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With Rezko verdict, Blagojevich could be next
|Last Edited||ev Jun 04, 2008 07:42pm|
|Media||Newspaper - Quad-City Times|
|News Date||Thursday, June 5, 2008 01:00:00 AM UTC0:0|
|Description||SPRINGFIELD, Ill. — With a guilty verdict in hand against political fundraiser Antoin ``Tony'' Rezko, the government could soon be knocking on Gov. Rod Blagojevich's door, legal experts say. |
A jury convicted Rezko — one of Blagojevich's closest political pals — of a majority of counts Wednesday in a trial that included allegations that the governor was aware of some illegal conduct.
``These cases are done in stair steps, meaning I'm building a case, looking for the elected official,'' said Bryan Blaney, who prosecuted federal public corruption cases in New Jersey and now is a defense attorney.
The jury found Rezko guilty of money laundering, mail and wire fraud, and bribery charges — 16 of 24 counts. And even though acquittals came on other, serious charges including attempted extortion, Blaney said the verdict should encourage U.S. Attorney Patrick Fitzgerald to push Rezko for testimony that could point to others, such as Blagojevich. Fitzgerald would not comment Wednesday on that possibility.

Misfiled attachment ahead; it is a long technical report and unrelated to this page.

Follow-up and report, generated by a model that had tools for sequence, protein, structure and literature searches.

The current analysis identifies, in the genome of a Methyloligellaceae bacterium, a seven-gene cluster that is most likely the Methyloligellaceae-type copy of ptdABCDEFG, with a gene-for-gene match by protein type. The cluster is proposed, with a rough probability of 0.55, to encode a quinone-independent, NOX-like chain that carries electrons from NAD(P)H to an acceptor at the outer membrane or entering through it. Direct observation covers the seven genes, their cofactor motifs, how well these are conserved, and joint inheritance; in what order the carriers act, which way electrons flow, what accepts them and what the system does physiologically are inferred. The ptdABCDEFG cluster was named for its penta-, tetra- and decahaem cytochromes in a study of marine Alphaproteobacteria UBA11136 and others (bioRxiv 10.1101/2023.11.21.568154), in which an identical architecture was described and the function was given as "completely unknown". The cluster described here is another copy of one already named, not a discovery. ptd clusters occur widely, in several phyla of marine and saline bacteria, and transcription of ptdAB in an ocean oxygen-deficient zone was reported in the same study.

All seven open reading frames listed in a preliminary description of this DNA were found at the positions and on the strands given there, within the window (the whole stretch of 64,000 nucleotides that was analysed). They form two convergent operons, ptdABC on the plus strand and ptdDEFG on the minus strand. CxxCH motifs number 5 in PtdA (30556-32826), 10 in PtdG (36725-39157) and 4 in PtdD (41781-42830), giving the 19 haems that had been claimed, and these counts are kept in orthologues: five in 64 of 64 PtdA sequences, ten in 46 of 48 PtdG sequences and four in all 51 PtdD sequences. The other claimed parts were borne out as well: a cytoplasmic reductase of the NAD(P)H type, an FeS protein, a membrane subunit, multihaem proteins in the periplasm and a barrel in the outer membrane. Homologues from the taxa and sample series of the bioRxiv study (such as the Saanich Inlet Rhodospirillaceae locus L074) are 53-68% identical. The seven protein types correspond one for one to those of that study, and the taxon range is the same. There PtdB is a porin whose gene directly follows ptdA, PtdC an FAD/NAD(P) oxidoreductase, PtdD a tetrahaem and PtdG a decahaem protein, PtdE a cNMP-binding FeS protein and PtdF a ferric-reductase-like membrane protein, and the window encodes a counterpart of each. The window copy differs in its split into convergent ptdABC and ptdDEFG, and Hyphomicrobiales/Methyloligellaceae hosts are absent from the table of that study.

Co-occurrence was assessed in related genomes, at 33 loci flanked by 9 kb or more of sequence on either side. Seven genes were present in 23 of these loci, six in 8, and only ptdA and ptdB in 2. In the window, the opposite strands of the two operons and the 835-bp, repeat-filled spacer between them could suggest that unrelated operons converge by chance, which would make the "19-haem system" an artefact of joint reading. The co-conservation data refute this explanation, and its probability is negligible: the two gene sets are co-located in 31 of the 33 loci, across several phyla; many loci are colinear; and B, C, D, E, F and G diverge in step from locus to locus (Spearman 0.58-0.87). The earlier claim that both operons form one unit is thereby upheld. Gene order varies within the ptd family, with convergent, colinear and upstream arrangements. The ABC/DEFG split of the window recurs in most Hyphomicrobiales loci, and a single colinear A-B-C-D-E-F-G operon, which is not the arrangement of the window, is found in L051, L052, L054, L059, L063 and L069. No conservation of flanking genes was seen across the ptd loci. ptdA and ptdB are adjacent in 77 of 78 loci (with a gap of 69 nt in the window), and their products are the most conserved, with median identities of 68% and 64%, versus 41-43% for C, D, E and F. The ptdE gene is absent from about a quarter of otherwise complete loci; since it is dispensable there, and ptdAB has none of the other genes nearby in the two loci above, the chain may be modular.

``It's enough of a win that if he can be motivated to come in from the cold, he's looking at the kind of jail time that will cause him to do that,'' Blaney said of Rezko.
Blagojevich has not been charged with a crime and denies knowledge of any illegal activities. Rezko was convicted of attempting to pump kickbacks and campaign contributions for Blagojevich and Sen. Barack Obama out of companies seeking state business or regulatory approval. Obama has not been accused of wrongdoing.
Testimony at Rezko's nine-week trial put Blagojevich at meetings with fundraisers where witnesses said he promised favors in return for contributions. Most damaging was a claim by Ali Ata, former head of the Illinois Finance Authority, that Blagojevich twice discussed a state job with him after Ata had made two $25,000 contributions to the governor's campaign.
That and other direct testimony makes for a ``pretty strong case'' against Blagojevich, s
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